He was short, wiry, in his early middle years, maybe sixty at the most. His face was long and scrawny, his nose a little bit too large for the rest of him. He wore loose-fitting overalls and work boots. And he held a plasma rifle, pointed right at her chest.
“What’s she doing here? You were supposed to bring the reporter,” he said, his squeaky voice managing to sound menacing.
Jo blinked in surprise. He didn’t know? Apparently not, as Malcolm replied, “Reynolds is dead. She’s all we’ve got, now.”
“Fuck,” the man said, and lowered the rifle. “All right. Come on, then.”
The little man turned and vanished around a corner, and Malcolm, gesturing for Jo to come along, followed him.
They walked down a short corridor that ended at a narrow staircase leading down. The stairs descended for longer than Jo expected, stopping at one landing and bending right before continuing down again. They finally ended, after what Jo estimated to be a fifty foot descent, at another door, this one more solid looking, with a sliding view hole at chest level and an antique intercom box to the side. Looking up, Jo could see a small camera in the corner, looking down at the area before the door, and wondered at the purpose behind the view hole.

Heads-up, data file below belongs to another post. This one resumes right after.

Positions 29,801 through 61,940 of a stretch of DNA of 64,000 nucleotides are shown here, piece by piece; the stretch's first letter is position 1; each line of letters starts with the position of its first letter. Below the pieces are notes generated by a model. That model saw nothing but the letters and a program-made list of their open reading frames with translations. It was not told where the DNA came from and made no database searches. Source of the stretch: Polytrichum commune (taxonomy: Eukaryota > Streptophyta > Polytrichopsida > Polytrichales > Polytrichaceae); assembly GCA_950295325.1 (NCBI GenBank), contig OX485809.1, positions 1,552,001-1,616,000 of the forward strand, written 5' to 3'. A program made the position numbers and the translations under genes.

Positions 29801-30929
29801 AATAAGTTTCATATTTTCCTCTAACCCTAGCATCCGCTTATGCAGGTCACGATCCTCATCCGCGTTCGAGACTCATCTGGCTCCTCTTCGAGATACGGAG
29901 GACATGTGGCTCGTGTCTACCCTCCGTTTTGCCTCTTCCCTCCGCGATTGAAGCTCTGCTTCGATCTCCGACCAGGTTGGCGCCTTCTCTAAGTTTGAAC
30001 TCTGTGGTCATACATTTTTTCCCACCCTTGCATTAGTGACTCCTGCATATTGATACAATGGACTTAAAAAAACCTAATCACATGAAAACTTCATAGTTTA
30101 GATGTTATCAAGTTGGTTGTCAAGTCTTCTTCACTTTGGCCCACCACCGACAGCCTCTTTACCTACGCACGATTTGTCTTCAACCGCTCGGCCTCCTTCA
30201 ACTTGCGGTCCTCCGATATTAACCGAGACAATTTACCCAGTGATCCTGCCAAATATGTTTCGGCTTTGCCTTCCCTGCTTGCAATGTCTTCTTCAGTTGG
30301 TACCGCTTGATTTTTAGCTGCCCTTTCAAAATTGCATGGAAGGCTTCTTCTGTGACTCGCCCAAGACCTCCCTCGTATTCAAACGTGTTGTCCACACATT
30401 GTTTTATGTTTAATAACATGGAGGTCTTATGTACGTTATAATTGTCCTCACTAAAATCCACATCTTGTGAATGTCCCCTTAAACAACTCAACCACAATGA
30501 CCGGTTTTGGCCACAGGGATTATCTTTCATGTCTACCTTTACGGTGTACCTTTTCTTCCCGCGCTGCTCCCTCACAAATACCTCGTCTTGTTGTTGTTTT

Then the view hole opened and the muzzle of another plasma rifle poked out. That answered that.
After a brief exchange of words, the second rifle withdrew. A moment later, the door opened and the small man gestured for Malcolm and her to enter the room beyond.
* * * * *
Jo stepped through the door and her jaw dropped in amazement.